These sets of processes are called centers of excellence (or COEs). This book shows readers how to aggregate processes into COEs and how to use the concept of COEs to implement best practices. When properly done, COEs:

  • Optimize efficiency and effectiveness among all processes
  • Integrate like tasks and processes
  • Leverage automation
  • Ensure clear accountability
  • Provide multi-platform support
  • Directly correlate to service-level agreements
  • Roll up more easily to cost centers
  • Provide consistent customer experience

In addition, COEs enable metrics to be applied easily and consistently to tasks so that targets for further improvement can be identified.

To show you how to create COEs within the IT organization, and how to use COEs to improve services, this book identifies a progression of steps, each of which receives a full chapter:

  • Chapter 1 explains what the term best practices means in general and in IT specifically.
  • Chapter 2 defines the fundamental units, the task and the process.
  • Chapter 3 explains how to perform gap analyses and refine processes.
  • Chapter 4 tells you what COEs are and how they can be built from processes.
  • Chapter 5 explains how to apply metrics to improved processes and to COEs.
  • Chapter 6 tells you how to derive the maximum benefit from the adop-tion of IT best practices. This discussion includes marketing IT ser-vices within the enterprise, pricing those services, and providing them with the reliability consistent with service-level agreements.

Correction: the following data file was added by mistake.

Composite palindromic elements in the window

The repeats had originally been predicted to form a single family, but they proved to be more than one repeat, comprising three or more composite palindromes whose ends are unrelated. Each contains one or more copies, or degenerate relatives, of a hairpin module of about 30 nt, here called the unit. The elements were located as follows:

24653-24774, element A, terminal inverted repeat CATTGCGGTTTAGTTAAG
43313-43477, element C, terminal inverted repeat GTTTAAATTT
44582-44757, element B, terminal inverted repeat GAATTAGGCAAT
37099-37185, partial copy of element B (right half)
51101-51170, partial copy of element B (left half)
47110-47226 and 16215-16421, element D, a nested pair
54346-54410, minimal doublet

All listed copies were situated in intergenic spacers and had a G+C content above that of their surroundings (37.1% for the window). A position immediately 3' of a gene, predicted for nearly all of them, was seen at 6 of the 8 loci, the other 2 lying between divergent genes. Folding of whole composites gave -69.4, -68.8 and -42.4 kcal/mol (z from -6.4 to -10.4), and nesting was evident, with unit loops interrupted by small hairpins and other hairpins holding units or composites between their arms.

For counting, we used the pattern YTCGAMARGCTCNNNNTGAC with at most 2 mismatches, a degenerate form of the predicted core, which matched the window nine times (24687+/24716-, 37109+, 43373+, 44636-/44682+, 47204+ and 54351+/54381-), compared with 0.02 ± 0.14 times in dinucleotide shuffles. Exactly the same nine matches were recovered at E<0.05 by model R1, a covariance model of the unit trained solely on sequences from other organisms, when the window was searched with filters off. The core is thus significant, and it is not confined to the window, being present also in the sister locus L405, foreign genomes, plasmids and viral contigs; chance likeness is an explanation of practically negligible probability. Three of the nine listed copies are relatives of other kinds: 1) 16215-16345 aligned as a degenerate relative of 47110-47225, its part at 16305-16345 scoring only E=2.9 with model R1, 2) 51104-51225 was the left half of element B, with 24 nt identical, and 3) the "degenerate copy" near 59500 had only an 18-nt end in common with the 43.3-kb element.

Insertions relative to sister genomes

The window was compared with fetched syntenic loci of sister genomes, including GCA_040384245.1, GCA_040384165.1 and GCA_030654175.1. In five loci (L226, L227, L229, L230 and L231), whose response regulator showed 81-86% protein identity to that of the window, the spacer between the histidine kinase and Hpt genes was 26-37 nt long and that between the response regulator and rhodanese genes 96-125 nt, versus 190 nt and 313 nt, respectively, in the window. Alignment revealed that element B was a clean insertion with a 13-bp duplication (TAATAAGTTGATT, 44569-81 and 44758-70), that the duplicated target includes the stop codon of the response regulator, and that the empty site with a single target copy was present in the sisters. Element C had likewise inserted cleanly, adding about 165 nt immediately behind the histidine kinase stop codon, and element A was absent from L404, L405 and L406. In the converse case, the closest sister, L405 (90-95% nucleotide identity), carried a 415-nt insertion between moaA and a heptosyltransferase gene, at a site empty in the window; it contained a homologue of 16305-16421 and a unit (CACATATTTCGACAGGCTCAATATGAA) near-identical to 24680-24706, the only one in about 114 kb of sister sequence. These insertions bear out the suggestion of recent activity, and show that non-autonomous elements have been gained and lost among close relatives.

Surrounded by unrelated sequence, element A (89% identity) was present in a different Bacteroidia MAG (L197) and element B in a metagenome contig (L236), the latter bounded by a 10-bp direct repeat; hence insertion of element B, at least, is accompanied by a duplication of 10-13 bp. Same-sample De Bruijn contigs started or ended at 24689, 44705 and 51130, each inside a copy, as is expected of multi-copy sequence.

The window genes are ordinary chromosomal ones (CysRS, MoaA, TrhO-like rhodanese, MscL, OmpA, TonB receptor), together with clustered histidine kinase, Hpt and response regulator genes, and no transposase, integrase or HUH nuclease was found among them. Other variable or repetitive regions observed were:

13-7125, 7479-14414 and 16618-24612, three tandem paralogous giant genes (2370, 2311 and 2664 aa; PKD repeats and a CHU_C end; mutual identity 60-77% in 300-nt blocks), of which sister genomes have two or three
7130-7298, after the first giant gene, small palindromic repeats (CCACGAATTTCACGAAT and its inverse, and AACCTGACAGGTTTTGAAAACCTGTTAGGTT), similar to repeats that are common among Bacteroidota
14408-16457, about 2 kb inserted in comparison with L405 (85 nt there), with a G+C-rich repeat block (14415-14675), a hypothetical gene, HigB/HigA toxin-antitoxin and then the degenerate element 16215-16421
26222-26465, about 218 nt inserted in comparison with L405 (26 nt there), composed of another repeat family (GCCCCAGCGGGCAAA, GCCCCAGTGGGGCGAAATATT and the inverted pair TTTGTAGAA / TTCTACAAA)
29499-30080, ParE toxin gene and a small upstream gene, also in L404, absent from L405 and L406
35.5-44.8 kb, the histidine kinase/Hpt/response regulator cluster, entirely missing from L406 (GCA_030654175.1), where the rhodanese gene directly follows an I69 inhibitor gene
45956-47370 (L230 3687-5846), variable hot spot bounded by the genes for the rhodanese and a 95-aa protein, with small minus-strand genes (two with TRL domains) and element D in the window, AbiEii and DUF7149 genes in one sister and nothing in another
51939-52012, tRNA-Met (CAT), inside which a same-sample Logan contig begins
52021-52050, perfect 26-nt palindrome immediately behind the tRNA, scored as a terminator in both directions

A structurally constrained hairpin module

• Chapter 7 is a catalog of the most common IT processes. This refer-ence includes information on the constituent tasks, the best practices for that process, and metrics to use in monitoring quality of implemen-tation.
  • Chapter 8 is a catalog for COEs.

Readers who take the time to go through this book attentively will under-stand how to implement best IT practices within their organization regard-less of the company's structure or unique IT exigencies.

Getting the Most Out of This Book

Like all volumes in the IT Best Practices series, this book is intended for immediate use. The book's style and approach are designed to make it useful in solving difficult problems in a practical manner. To this end, many forms that the reader may find helpful in implementing specific steps are provided, and readers should feel free to copy these forms and adapt them for their specific situations.

This is a hands-on book. Because of its practical nature, the book does not require sequential reading, although this is the preferred approach. Chapters on various concepts and processes can be read independently. Although later concepts do build on ones presented earlier, nothing should discourage the reader from flipping forward to chapters of particular interest. However, the authors strongly recommend that before implementation is undertaken, a complete reading of the relevant sections should be done so that all steps are performed in the right order and in the right manner.

The Appendix that follows the core presentation provides useful reference material, including pointers to other books and a Web site that the reader may find helpful, and a glossary of important terms.

--Bruce Allen, Vice President META Group

--Dale Kutnick, Chairman of META Group